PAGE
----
Tuesday, February 4, 2014

Bambanti Festival

When someone says the word scarecrow my mind always conjures up the scarecrow from the Wizard of Oz. It’s the quintessential image of a scarecrow. Well, last Thursday, January 29, that classic image was blown away when I attended the Bambanti (Bum-bahn-tee) Festival of the Province of Isabela. 

Bambanti is the Ilocano word for scarecrow. Each year at the end of January, the Province of Isabela pays homage to the loyal duty of the scarecrow, keeping away birds from the fields and providing them with a plentiful harvest. The festival lasts for about a week. 

As Sir Junior, Sir Patrick, Ma’am Sandra, and I drove up to Ilagan, capital of the province, I had no idea what to expect. Neither did they because they’d never attended. The Bambanti Village is located in front of the Provincial Capitol building. Each municipality sets up an intricately decorated booth displaying not only their bambanti but also their specialized products.  

Some booths and bambantis were specifically made of items that municipality is known for such as mollusks shells or dried fish or rattan baskets or vegetables. Others represented their municipality by displaying costumes or recreating other aspects. This year’s theme was “flying high.” On top of representing their municipality, each bambanti also encompassed the theme. 

If I were a crow, I'd definitely be scared!

Ma'am Sandra in front of her municipality's display representing the dam.
Yes, the water is actually running!

This booth was two stories!

What I didn’t realize upon arriving that the festival acts also as a trade market. At each booth they were selling products ranging from vegetables to woven purses to beaded jewelry to baskets to wine and jellies. One big farmers market. Amazing! I fell in love. I really wanted to buy one of everything but then had to remember my suitcase space for when I return. I did buy one thing that I won’t be able to bring back but will cherish every minute I’m here – a rattan chair from the Echague booth. In addition, I bought a bottle of delicious bugnay wine, which I got to taste test, and a bamboo tray.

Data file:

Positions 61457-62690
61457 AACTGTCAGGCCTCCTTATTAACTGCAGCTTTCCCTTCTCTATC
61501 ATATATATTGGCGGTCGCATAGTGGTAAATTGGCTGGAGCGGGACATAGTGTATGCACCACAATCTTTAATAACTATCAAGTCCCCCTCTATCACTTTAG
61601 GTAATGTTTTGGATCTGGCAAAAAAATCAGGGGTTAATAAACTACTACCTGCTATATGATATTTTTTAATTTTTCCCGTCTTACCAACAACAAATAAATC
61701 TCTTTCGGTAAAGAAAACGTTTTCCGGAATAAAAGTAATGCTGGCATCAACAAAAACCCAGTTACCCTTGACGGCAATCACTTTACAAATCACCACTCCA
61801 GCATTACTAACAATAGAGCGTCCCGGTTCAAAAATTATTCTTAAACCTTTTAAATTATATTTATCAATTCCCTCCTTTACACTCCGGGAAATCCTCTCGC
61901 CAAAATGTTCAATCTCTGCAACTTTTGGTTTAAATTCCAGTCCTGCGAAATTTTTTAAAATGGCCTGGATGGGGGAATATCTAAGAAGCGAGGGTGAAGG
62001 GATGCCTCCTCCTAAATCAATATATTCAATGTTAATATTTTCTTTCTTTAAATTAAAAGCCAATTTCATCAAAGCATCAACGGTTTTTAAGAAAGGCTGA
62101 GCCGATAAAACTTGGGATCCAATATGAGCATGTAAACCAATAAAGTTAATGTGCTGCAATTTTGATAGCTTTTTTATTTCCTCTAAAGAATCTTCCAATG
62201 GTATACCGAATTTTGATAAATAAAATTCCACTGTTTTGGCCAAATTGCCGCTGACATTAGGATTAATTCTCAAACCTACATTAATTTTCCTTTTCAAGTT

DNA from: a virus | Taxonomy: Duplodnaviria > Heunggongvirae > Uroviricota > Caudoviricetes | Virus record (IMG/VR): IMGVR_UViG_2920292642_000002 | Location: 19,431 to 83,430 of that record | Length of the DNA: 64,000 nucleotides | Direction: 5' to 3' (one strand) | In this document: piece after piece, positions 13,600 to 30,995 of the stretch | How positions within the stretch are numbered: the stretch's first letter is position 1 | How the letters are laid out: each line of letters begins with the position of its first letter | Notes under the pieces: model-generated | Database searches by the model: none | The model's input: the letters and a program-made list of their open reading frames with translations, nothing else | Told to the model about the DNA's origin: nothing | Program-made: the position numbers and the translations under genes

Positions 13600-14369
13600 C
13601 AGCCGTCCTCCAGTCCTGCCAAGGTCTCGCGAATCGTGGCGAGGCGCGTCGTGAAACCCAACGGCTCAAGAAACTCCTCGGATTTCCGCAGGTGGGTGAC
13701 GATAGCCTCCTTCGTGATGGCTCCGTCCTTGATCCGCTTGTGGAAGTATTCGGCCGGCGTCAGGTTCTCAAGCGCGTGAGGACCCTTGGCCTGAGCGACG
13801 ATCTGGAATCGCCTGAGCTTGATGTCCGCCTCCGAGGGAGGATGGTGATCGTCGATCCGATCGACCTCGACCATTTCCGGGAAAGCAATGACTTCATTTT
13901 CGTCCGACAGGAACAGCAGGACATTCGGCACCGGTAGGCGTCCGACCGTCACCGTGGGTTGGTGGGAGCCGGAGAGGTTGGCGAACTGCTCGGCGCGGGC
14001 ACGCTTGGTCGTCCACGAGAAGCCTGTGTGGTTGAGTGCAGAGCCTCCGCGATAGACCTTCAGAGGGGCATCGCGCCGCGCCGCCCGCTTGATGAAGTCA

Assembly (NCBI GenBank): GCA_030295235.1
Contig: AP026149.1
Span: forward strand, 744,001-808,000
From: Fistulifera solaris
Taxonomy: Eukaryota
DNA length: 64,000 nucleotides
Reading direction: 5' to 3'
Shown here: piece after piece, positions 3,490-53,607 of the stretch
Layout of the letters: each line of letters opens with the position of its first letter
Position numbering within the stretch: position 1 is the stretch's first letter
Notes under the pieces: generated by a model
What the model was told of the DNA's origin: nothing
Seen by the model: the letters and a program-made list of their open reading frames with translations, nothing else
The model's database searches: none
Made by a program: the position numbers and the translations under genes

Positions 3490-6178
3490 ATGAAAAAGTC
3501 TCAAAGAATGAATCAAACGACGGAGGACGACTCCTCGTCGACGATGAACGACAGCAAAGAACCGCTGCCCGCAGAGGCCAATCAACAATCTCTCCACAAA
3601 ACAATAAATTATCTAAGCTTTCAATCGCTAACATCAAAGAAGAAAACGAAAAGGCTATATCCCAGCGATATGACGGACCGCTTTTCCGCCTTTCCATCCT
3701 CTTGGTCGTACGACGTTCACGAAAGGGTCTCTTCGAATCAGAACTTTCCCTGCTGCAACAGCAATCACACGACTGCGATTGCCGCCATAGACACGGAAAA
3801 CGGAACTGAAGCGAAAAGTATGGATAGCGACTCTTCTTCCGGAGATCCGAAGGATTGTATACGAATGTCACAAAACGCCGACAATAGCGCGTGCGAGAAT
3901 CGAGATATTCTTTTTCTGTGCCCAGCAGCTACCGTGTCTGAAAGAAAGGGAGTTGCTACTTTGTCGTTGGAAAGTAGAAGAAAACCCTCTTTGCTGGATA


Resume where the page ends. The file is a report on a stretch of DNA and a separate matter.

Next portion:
Lots of people in narrow aisle. 
Yes, those are tiny dried fish. 

One of my favorite bambantis of the day!
This one is made of mollusk and mussel shells!

Bought a bottle of this delicious bugnay wine! Wish I'd bought more.

After a couple of hours, our stomachs began grumbling, the crowd was thickening, and the sun began beating down. We decided to call it a day since we’d explored every booth. There was going to be street dancing and some other performances but not for another couple of hours. We piled into the car and headed to a scrumptious lunch in Cuayan. 

Not only did I love witnessing a local, cultural festival but also, seeing the pride people take in where they come from and the products they make! An added bonus – I didn’t have to go work that day. 

Thanks for reading!

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